Three Questions for David Brown and Helen Cademartori
October 26, 2020
This October is the 75th observance of National Disability Employment Awareness Month (NDEAM). To celebrate, the Executive Sponsor and Deputy Sponsor of the All Access Employee Resource Group - David L. Brown and Helen Cademartori - share what NDEAM means to them and how Berkeley Lab has become more accessible over the years.
What does NDEAM mean to you?
Helen: National Disability Employment Awareness Month (NDEAM) is an important milestone that helps to publicize the importance of increasing access and opportunities in the workplace for people with disabilities of all kinds.
NDEAM holds particular significance for me since I served for many years as an advocate for and a member of the Board of Advisors for Computer Technologies Program (CTP), a school in Berkeley that provides computer training and extensive job placement services for people with physical disabilities. I saw firsthand the life-changing impact the program had on the graduates and the incredible talents CTP graduates brought to their employers.
What improvements have you seen in Lab inclusion and/or accessibility over the years, and what is your vision for the Lab’s future?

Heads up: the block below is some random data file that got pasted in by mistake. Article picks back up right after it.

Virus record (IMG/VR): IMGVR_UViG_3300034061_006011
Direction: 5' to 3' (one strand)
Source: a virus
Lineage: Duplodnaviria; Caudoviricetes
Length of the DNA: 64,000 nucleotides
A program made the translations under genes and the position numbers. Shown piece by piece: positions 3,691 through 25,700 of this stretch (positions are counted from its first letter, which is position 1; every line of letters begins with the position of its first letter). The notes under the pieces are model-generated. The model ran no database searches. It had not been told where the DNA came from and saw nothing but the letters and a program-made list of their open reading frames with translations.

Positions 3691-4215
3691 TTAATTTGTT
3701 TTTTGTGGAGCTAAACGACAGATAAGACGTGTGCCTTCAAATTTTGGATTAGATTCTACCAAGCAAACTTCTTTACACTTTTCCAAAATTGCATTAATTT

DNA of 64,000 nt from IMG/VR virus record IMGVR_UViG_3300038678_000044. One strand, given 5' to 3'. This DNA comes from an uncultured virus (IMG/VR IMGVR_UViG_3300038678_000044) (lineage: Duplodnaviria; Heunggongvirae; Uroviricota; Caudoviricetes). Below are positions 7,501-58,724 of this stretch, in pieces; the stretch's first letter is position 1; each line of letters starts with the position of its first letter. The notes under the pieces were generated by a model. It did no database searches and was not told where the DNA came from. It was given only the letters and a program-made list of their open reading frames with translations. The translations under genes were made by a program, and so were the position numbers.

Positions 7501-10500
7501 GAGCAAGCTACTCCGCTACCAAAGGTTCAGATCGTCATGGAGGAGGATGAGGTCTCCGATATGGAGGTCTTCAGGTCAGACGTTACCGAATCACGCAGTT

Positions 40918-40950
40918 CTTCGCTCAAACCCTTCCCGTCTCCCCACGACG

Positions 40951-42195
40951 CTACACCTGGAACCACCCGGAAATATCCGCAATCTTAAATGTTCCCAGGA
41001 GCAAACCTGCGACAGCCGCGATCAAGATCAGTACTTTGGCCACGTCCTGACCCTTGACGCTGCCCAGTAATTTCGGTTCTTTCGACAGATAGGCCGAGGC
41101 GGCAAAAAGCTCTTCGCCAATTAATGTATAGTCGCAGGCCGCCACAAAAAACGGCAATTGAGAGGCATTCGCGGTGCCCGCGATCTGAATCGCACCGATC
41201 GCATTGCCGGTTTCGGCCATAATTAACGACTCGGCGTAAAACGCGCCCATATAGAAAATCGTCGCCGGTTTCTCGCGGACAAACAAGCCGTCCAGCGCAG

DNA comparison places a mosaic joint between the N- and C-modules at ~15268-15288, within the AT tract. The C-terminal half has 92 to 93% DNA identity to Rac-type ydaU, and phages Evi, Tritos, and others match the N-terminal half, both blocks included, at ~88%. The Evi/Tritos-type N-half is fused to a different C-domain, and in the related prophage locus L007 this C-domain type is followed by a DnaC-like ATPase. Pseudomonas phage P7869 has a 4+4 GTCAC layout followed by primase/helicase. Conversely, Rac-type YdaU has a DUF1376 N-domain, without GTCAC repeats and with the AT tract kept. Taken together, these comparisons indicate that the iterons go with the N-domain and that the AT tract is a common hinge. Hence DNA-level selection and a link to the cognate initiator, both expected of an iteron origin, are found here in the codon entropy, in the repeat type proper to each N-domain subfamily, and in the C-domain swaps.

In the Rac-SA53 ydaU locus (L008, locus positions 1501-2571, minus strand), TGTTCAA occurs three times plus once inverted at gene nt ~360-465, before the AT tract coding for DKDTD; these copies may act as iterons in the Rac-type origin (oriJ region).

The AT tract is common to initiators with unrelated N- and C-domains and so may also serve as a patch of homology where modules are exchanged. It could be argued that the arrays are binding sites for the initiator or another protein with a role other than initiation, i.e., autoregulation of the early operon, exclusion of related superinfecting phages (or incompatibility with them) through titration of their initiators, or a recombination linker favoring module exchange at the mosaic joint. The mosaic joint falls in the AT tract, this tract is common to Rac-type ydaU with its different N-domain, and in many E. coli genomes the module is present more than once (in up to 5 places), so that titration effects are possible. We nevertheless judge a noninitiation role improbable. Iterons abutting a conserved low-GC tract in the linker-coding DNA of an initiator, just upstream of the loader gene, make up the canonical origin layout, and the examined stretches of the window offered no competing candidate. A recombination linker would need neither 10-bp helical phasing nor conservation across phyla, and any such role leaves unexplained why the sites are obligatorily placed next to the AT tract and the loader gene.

David: As a Lab staff member with a hearing disability, I’ve greatly appreciated the steps taken to improve accessibility for the hearing impaired at the Lab both physically and virtually. Most recently, I’m grateful to see best practices for improving accessibility in action, such as using built-in automatic captioning with presentation tools like Zoom and Google Slides.
As for the future, Berkeley Lab is a very challenging environment for people who are mobility impaired. We’ve been lucky to have the opportunity to upgrade our site significantly, with several exciting new buildings planned for the coming years. I’m looking forward to the day when all of our facilities are accessible both from a mobility perspective and to staff and visitors with other disabilities.
What is the best or most exciting or fulfilling part of being Executive and Deputy Sponsors for the All Access ERG?
Helen: First of all, serving with the talented and dedicated members of the All Access ERG is very rewarding. It is really exciting to see the Lab fully committing to raising awareness of and expanding accommodations for members of our community living with disabilities of all kinds. I am learning a lot about the issues facing so many of our colleagues, as well as the innovative and adaptive technologies/practices that we can incorporate to make the workplace more accessible.
David: I agree with Helen, it is really awesome to see the enthusiasm and commitment of the ERG members to these issues. It’s also great to see outside-the-box thinking, such as by bringing experts in mental health to discuss this topic and how it is particularly relevant for Lab staff.